Testing Simulation Design Features using an Insulin Management Simulation in Nursing Education

Cynthia Dobbs, Vema Sweitzer, Pamela Jeffries

Research output: Contribution to journalArticlepeer-review

16 Scopus citations


This study tested a theory and data-based framework that was used to design, implement, and evaluate a teaching simulation in an introductory nursing medical/surgical course. Concepts in the Simulation Model (Jeffries, 2005) include educational principles, student factors, teacher factors, simulation design features, and outcomes. The study specifically tested the simulation design features and selected outcomes outlined in the model with 60 students from a large Midwest university enrolled in a required medical/surgical course. A 15-minute simulation focused on caring for an insulin-managed patient followed by a 15-minute debriefing time designed and facilitated by the clinical instructor. Students were randomly assigned roles: nurse, student nurse, patient, family member, or observer for the simulation experience. Debriefing was found to be the most important design feature as perceived by the students. There were no significant gains from pretest to post-test on insulin management, however, the students reported that they gained self-confidence in caring for an insulin-managed patient in the clinical setting and overall were very satisfied with the instructional method.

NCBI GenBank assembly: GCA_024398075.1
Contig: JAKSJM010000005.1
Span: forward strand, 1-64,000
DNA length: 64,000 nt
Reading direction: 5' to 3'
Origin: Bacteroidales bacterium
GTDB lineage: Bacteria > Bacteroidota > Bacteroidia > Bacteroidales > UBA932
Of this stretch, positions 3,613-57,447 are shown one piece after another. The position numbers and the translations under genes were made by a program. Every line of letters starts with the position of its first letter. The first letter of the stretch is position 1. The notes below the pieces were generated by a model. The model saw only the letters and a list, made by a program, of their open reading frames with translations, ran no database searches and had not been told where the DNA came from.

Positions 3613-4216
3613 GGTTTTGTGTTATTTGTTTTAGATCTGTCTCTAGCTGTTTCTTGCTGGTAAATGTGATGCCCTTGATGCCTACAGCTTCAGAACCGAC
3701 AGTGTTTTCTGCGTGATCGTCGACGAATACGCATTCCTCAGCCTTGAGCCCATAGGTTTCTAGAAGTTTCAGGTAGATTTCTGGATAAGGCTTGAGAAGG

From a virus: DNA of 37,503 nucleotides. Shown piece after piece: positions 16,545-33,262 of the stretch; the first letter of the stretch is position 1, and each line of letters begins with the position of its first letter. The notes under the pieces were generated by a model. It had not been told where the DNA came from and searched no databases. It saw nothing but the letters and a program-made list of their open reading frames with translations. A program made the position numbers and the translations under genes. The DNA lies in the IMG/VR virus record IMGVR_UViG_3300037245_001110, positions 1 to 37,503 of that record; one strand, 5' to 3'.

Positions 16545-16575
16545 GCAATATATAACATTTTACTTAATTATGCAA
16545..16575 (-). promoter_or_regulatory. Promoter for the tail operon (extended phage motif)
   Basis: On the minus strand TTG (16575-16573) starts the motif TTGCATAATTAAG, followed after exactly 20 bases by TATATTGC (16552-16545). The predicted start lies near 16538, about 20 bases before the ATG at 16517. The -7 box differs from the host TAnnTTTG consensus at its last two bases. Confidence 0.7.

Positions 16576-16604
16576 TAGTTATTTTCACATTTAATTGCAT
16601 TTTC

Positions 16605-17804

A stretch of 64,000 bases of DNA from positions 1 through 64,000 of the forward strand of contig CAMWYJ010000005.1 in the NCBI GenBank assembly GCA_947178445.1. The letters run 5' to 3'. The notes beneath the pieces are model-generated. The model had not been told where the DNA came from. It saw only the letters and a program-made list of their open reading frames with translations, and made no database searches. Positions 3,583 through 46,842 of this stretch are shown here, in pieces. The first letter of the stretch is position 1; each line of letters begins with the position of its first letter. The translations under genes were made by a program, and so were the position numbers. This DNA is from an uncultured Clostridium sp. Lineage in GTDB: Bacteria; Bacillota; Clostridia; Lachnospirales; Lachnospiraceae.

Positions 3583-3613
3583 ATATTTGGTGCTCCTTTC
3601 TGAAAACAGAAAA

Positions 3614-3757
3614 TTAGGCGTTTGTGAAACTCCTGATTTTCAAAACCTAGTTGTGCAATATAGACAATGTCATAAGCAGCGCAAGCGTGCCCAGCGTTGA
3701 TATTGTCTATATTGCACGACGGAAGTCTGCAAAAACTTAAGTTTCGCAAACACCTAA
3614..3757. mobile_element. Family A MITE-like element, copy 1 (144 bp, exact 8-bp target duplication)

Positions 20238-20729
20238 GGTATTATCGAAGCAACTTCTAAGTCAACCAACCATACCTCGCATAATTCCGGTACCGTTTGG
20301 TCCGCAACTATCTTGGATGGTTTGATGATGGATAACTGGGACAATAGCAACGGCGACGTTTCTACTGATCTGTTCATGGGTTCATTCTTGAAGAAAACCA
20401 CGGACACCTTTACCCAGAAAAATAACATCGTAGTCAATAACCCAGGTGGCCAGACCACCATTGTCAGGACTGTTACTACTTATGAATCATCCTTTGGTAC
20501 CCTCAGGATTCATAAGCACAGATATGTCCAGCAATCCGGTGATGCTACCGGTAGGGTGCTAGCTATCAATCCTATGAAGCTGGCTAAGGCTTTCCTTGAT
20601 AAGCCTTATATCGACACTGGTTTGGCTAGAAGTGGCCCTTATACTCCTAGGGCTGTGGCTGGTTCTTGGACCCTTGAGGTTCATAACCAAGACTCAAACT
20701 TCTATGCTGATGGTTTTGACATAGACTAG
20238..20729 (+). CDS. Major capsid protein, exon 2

Original languageEnglish (US)
Pages (from-to)e17-e22
JournalClinical Simulation in Nursing
Issue number1
StatePublished - 2006
Externally publishedYes

ASJC Scopus subject areas

  • Education
  • Modeling and Simulation
  • Nursing (miscellaneous)


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